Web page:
Once three piles are empty (completely bought out) or the last province (most valuable victory card) has been bought, the game ends. Players count up all points in their deck, with the player who has the most points winning.
Historically, Dominion represented a major shift in gaming. Deckbuilding had been around as a part of games before, particularly in CCGs like Magic: The Gathering, but this was the first time it became the WHOLE game. Since then, the mechanism has become very important in gaming, and pops up everywhere. However, most games try to add something to it, whereas Dominion keeps it pure. And so I think Dominion has to be included on a list of gateway games, particularly if you’re trying to get into DBGs.
image by BGG user kherubim
King of Tokyo initially came out in 2011, designed by Richard Garfield and published by IELLO. In the game, 2-6 players are monsters that are fighting over control of Tokyo. On your turn, you will roll six custom dice. You have up to two rerolls, and may keep whatever dice you wish between rolls. After the third roll, your dice are all locked, and you resolve them. If you have three of a specific number (1, 2, or 3), you get that many points (1, 2, or 3), plus one for each additional identical number. Lightning bolts gain you energy cubes, which can later be spent on cards that give you special abilities. Hearts heal damage, though you cannot heal if you are in Tokyo. Claws attack other monsters – if you are not in Tokyo, you automatically attack whoever is, and if you are in Tokyo, you automatically attack everyone who is not. After being attacked, a monster in Tokyo can choose to flee, at which point the attacking monsters takes over. You get one point for going in, and one point for remaining there on your next turn. When a player reaches zero health, they are out. The game ends when all but one player have been eliminated, or when one player reaches 20 points.
I think King of Tokyo is a good gateway game specifically because it takes the Yahtzee mechanism of rolling and rerolling to a new level. In fact, I usually call the game “Godzilla Yahtzee”, which attracts people to want to try it. The game then introduces other concepts, like player interaction, victory points, and resource management. There’s decisions to be made, and different strategies to pursue as you try to become the ultimate King of Tokyo. The sequel, King of New York, expands upon this system and adds more to think about, but I think King of Tokyo as it is can be called a great gateway game.
image by BGG user RodneyThompson
Lords of Waterdeep is a 2012 game designed by Peter Lee and Rodney Thompson. It was published by Wizards of the Coast, and is set in the Dungeons & Dragons universe. In the game, 2-5 players are collecting resources to try to complete quests. It’s a worker placement game where players take turns placing a worker on the board, resolving it, then possibly completing a quest by turning in the required resources. Different actions you can take include collecting cubes or money, getting new quests, collecting or playing intrigue cards (which give you a small advantage or mess with others), or constructing buildings which can later be used. After eight rounds, the game ends, and the player who was collected the most points is the winner.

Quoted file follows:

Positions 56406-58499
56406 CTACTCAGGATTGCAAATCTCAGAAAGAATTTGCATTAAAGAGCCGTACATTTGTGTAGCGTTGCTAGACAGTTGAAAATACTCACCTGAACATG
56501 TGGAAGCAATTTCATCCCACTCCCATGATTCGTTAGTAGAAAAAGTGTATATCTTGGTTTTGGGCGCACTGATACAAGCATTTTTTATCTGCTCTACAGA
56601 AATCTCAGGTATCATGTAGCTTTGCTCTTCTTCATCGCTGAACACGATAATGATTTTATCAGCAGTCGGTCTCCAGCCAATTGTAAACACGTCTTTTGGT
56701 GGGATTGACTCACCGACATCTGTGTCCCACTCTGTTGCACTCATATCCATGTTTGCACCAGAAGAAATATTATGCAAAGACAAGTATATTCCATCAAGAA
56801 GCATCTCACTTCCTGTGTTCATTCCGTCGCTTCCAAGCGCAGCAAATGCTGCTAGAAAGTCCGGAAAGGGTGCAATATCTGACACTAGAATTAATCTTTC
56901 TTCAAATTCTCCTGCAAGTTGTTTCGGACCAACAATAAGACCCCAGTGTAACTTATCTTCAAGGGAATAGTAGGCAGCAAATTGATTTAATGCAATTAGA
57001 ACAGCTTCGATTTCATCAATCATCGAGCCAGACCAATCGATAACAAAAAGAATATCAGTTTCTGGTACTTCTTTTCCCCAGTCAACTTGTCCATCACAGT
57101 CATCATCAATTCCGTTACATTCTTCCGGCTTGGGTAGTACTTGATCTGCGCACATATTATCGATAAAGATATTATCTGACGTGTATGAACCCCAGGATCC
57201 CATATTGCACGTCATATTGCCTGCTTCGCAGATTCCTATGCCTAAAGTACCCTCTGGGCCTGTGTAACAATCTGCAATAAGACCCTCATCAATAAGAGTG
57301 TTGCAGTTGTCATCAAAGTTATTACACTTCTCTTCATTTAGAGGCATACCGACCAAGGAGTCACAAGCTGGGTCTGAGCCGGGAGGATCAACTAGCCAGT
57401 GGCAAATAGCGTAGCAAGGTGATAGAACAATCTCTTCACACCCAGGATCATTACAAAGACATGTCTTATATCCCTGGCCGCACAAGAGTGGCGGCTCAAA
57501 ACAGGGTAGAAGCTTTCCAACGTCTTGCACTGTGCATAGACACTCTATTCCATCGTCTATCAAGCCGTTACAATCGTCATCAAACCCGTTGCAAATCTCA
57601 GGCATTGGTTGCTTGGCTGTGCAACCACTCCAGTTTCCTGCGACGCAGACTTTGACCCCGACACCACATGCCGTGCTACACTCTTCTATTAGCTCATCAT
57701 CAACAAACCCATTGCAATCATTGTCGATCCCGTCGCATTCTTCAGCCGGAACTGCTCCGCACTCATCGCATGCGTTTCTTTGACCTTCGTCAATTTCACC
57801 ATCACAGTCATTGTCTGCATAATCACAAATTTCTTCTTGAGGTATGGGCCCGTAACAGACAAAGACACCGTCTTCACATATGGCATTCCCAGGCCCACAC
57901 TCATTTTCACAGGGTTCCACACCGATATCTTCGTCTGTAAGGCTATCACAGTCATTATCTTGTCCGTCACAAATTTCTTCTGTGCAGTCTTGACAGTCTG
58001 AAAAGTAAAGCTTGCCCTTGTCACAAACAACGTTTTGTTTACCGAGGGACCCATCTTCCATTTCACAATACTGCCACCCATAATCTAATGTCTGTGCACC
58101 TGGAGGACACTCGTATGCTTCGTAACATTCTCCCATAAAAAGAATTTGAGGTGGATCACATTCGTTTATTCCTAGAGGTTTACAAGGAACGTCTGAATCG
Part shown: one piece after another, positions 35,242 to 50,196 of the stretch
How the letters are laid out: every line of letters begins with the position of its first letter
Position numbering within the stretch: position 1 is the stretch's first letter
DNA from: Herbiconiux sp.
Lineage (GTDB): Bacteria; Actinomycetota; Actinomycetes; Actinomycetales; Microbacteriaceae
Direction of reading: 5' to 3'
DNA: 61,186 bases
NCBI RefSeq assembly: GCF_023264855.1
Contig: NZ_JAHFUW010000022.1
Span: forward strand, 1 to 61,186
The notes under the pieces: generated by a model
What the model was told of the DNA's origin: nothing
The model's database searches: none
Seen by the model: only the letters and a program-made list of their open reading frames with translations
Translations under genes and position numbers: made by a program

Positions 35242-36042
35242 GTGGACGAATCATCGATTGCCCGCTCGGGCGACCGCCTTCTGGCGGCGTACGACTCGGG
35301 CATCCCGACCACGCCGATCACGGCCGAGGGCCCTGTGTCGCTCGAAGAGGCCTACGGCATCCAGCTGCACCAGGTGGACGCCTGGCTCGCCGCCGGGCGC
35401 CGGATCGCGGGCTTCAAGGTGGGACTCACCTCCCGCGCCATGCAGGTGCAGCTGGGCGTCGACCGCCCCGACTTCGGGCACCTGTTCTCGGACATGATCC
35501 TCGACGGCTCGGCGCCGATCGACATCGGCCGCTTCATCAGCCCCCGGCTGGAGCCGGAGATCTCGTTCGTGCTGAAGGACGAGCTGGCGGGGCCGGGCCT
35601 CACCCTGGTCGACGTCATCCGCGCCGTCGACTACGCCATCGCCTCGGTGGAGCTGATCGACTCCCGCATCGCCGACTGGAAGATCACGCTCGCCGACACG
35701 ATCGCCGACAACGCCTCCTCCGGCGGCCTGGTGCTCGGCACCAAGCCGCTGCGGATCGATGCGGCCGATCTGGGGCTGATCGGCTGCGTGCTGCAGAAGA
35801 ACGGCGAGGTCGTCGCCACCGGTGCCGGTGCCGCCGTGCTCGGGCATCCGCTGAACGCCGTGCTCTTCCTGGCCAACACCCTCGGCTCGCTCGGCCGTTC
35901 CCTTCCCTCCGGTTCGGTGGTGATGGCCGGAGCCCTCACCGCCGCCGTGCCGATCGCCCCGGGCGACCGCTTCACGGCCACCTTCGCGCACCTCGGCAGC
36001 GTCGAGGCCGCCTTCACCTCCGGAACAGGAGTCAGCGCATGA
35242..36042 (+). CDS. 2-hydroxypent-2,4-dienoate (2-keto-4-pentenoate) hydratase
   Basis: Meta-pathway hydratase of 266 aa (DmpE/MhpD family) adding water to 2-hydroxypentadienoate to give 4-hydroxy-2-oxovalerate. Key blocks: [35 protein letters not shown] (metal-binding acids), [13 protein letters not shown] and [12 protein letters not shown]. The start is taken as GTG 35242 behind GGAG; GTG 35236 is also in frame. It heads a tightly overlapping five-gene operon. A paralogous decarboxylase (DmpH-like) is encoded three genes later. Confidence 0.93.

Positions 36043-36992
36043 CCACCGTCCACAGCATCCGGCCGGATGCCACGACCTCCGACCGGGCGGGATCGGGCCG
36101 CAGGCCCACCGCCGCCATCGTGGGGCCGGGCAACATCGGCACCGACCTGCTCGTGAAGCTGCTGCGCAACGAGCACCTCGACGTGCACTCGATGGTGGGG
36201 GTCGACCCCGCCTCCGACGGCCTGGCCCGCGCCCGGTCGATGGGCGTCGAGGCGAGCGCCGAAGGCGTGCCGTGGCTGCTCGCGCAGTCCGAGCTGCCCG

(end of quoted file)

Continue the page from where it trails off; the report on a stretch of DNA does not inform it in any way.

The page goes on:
There are several games that could be considered as good gateway worker placement games. I chose this one because I think it does a great job keeping things simple while still providing multiple paths to victory. There’s a lot of luck in the quests and buildings that come out, but it tends to balance out well. Each player also has a secret objective that helps them get going in the beginning. Plus, with the D&D theme, the game brings in people who wouldn’t normally try this type of thing. So I say it’s probably the ultimate gateway worker placement game.
image by BGG user keebie
Forbidden Island came out in 2010, designed by Matt Leacock and published by Gamewright. This cooperative game has 2-4 players trying to collect treasures around an island that is sinking below their feet. On your turn, you have four actions – you can move, you can shore up a sinking tile (flip it to its non flooded side), give cards to another player on your space, or turn in four identical treasure cards in the right place to pick up a treasure. Once all four treasures have been collected, all players must make it back to the helicopter and someone must play a helicopter card to win. After every turn, new tiles go underwater, and if a tile that is already underwater sinks again, it is removed. Additionally, Waters Rise cards come out every now and then, which increases the number of tiles that sink every turn. If the water level gets too high, or if anyone for some reason has no way to get back to the helicopter, or if a treasure becomes unrecoverable because its associated tiles have disappeared, the game ends in defeat.